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* This post was written in 2011 before Mr. Roche founded Monetary Realism, which was formed due to several disagreements Mr. Roche and many other former MMT proponents had with the school of thought.  For more info on the difference in views please see here.  For more on MR’s views please see here.


On March 3rd I asked “Who Will Buy The Bonds?”  I wrote this piece in response to a letter by Bill Gross in which he asked:

“The Treasury issues bonds and the Fed buys them. What could be simpler, and who’s to worry? This Sammy Scheme as I’ve described it in recentOutlooks is as foolproof as Ponzi and Madoff until… until… well, until it isn’t. Because like at the end of a typical chain letter, the legitimate corollary question is – Who will buy Treasuries when the Fed doesn’t?

…I don’t know. Reserve surplus sovereigns are likely good for their standard $500 billion annually but the banks are now making loans instead of buying Treasuries, and bond funds are not receiving generous inflows like they were as late as November of 2010. Who’s left?”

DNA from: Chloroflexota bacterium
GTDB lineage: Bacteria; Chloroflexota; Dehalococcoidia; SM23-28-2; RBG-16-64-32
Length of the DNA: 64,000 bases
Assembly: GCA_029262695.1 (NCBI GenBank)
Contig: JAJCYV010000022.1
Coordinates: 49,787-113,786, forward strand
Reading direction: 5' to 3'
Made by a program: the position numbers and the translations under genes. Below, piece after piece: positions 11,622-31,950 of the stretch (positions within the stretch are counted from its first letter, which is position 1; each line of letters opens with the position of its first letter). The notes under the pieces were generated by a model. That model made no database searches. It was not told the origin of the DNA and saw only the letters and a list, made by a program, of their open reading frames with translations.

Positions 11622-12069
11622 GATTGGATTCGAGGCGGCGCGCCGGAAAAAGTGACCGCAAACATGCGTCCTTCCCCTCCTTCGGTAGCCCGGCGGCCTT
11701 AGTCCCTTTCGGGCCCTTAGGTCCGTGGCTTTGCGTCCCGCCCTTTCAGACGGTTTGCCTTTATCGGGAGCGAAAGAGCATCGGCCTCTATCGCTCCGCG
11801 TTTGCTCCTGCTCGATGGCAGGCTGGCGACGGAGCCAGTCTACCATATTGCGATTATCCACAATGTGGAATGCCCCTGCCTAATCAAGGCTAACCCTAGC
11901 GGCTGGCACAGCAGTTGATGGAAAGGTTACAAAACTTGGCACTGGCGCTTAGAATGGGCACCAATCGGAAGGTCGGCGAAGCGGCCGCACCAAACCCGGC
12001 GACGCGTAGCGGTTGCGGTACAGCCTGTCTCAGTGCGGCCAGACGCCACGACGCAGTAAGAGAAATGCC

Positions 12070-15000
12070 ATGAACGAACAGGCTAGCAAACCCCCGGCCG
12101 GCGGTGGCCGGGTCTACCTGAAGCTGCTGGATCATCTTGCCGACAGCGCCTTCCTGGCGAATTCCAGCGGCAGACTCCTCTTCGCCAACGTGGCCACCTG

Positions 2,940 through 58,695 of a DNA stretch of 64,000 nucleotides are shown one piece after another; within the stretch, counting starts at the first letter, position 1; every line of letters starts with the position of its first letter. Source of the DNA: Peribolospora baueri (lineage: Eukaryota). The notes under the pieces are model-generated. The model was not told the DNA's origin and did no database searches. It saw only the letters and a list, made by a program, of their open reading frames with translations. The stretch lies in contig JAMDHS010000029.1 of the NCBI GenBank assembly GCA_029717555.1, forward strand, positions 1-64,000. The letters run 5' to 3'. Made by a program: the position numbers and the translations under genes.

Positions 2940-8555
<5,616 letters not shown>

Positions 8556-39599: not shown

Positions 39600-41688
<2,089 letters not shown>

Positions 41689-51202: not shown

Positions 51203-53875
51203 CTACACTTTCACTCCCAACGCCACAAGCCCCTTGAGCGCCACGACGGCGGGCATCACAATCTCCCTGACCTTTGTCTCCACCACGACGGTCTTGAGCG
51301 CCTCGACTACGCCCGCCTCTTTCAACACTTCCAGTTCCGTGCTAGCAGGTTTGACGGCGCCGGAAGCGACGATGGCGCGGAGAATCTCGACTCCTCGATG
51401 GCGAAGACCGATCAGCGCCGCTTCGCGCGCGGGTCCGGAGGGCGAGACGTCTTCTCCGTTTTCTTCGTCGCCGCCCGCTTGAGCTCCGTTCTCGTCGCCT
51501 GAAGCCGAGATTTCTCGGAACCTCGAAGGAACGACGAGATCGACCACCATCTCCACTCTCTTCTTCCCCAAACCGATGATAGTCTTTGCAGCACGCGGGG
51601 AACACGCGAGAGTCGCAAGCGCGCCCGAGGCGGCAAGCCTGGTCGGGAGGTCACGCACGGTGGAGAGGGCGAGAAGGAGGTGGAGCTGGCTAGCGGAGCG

I responded by explaining that the bond auctions will go off without a hitch because savers would choose to buy risk-free interest bearing bonds over holding cash in a low inflation environment.  The Fed and Treasury would coordinate their policies closely, just as they always do, to ensure the demand is strong and that issuance can go off without a hitch.  Hence, the auctions would move along just as they always have and the mysterious (non-existent) bond vigilantes would appear to be in a deep slumber again.

Well, today we got the first bond auction since the end of QE2.  And what happened?  It was as strong as ever.  The bid to cover came in at 3.22 with the Primary Dealers submitting bids for 2X the entire auction.  Of course, I pointed this same phenomenon out several times before and during QE2, but you still heard the same rumblings today from various skeptics who said that the auction was only strong because of QE3 rumors.  Nonsense.  The auction was strong for the same reason they always are – the reserves are tracked in the system and hoovered up in accordance with the scheme that the mainstream media calls the “funding of the USA”.  Of course, funding is not the purpose of US bond issuance, but explaining a boring old reserve drain wouldn’t make for good TV or political theater.

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